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The Imperial Palace gardens were opened to the public recently to celebrate the Emperor's 80th birthday. Can someone confirm the use of the passive voice in the following sentence on the subject in context of using the passive form to show respect and addressing the Emperor?(see note below).

この特別公開は、天皇陛下が昨年12月23日に80歳の傘寿を迎えられた記念として実施されたもの。

Or, in other words, is the passive voice used here to show respect to the Emperor and aren't people supposed to use more elevated language to refer to his activities, or at least お迎えになる which I think is more honorific than the passive?

Note: example of normal use of 迎える:20歳の誕生日を迎える=celebrate one's twentieth birthday

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Good question but you are missing something. Hint: What is the main topic/subject? It is not 天皇陛下, which is why no further honorific expressions are necessary. If this does not help, I will post my answer. –  l'électeur May 5 at 10:01

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up vote 5 down vote accepted

First, 「迎えられた」 here is purely honorific, not passive voice. The two forms just happen to be written the same way and only the context will tell you which one it is being used for.

So, why is a seemingly rather simple honorific form like「迎えられた」 being used when it is talking about the Emperor?

As I implied in my comment above, the reason is that this sentence's main topic (and also its grammatical subject) is 「この[特別公開]{とくべつこうかい} = "this special opening (of the Palace facilities)"」, not 「[天皇陛下]{てんのうへいか} = "the Emperor"」.

Had this been a sentence announcing that the Emperor had his 80th birthday (let us say, yesterday), using "the Emperor" as its grammatical subject, it would have used a more elevated honorific verb form and have read something like this:

「天皇陛下は[昨日]{さくじつ}80[歳]{さい}の[傘寿]{さんじゅ}をお[迎]{むか}えになられました。」

Note: Deep down, I am hesitant in calling the original writing a "sentence" because it ends in a noun -- 「もの」 instead of a verb but I called it a sentence for the sake of smooth conversation.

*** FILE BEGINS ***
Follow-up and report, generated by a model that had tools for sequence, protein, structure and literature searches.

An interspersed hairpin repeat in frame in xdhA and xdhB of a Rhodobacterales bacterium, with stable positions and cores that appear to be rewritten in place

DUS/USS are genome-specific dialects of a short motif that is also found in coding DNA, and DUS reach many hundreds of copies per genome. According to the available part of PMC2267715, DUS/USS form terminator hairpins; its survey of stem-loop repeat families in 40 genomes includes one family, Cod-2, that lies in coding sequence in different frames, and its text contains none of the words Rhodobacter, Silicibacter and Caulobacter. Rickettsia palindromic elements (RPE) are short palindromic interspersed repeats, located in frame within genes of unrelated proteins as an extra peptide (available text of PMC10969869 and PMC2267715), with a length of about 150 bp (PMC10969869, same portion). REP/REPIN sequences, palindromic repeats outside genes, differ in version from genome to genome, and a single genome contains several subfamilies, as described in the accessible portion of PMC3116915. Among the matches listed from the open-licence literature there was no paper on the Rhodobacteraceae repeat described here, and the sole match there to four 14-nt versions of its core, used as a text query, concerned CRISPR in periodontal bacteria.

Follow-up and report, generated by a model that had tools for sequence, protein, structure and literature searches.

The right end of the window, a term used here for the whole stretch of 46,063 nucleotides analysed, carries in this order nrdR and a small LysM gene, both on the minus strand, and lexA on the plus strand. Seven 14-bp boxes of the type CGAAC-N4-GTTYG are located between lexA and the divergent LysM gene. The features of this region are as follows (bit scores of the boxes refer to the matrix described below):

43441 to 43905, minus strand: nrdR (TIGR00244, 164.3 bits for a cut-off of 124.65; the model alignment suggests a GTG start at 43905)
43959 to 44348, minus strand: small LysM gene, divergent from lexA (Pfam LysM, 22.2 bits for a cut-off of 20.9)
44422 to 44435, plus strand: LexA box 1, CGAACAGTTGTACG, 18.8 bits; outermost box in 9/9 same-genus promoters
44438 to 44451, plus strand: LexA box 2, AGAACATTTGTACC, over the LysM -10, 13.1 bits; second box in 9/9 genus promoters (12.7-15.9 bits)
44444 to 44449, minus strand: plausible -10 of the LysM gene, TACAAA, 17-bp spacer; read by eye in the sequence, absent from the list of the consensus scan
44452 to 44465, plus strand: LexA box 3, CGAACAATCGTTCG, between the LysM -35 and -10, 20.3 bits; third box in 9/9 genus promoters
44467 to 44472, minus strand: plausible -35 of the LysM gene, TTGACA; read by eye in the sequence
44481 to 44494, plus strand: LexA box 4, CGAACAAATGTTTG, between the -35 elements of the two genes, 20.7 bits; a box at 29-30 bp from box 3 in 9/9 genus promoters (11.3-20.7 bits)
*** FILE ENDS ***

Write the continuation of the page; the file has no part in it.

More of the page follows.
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Thank you for your answer. Can I conclude that if the subject of an "embedded sentence" (here 「天皇陛下が昨年12月23日に80歳の傘寿を迎えられた」) should be addressed "honorifically" then the "passive-honorific verb" (here「迎えられた」) should be used instead of the honorific verb that would have been used in a "stand alone" sentence (ie 「お迎えになられた」), or is either form fine? –  Tim May 5 at 15:11
    
Your end note touches another topic I have been meaning to raise but I will make it a separate question. –  Tim May 5 at 15:17
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@Tim Among us amateurs, quite a few will mistakenly use the higher honorific form even within the embedded mini-sentence if its subject were somethng like the Emperor. If this is done, the whole sentence will sound wordy and possibly tend to lose its focus as to what the real topic of the sentence was. Thus, this will be avoided in professional writing even at the risk of receiving a few phone calls from the ultra right wing. –  l'électeur May 5 at 22:15
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Mainichi shinbun adopts a policy of avoiding honorific verbs from top to bottom as far as I have read. I once even saw they had written 乗客も協力したい meaning 乗客も協力されたい:"We want also passengers to cooperate it". But in general avoiding honorific or polite language is important in journalism, academism or a court. The minimam usage of honorific verbs on TV is a good compromise. Ignoring it completely is rather harmful to constitutionalism. P.S. "Honorific passive" is a misleading termiology. –  user4092 May 6 at 7:16

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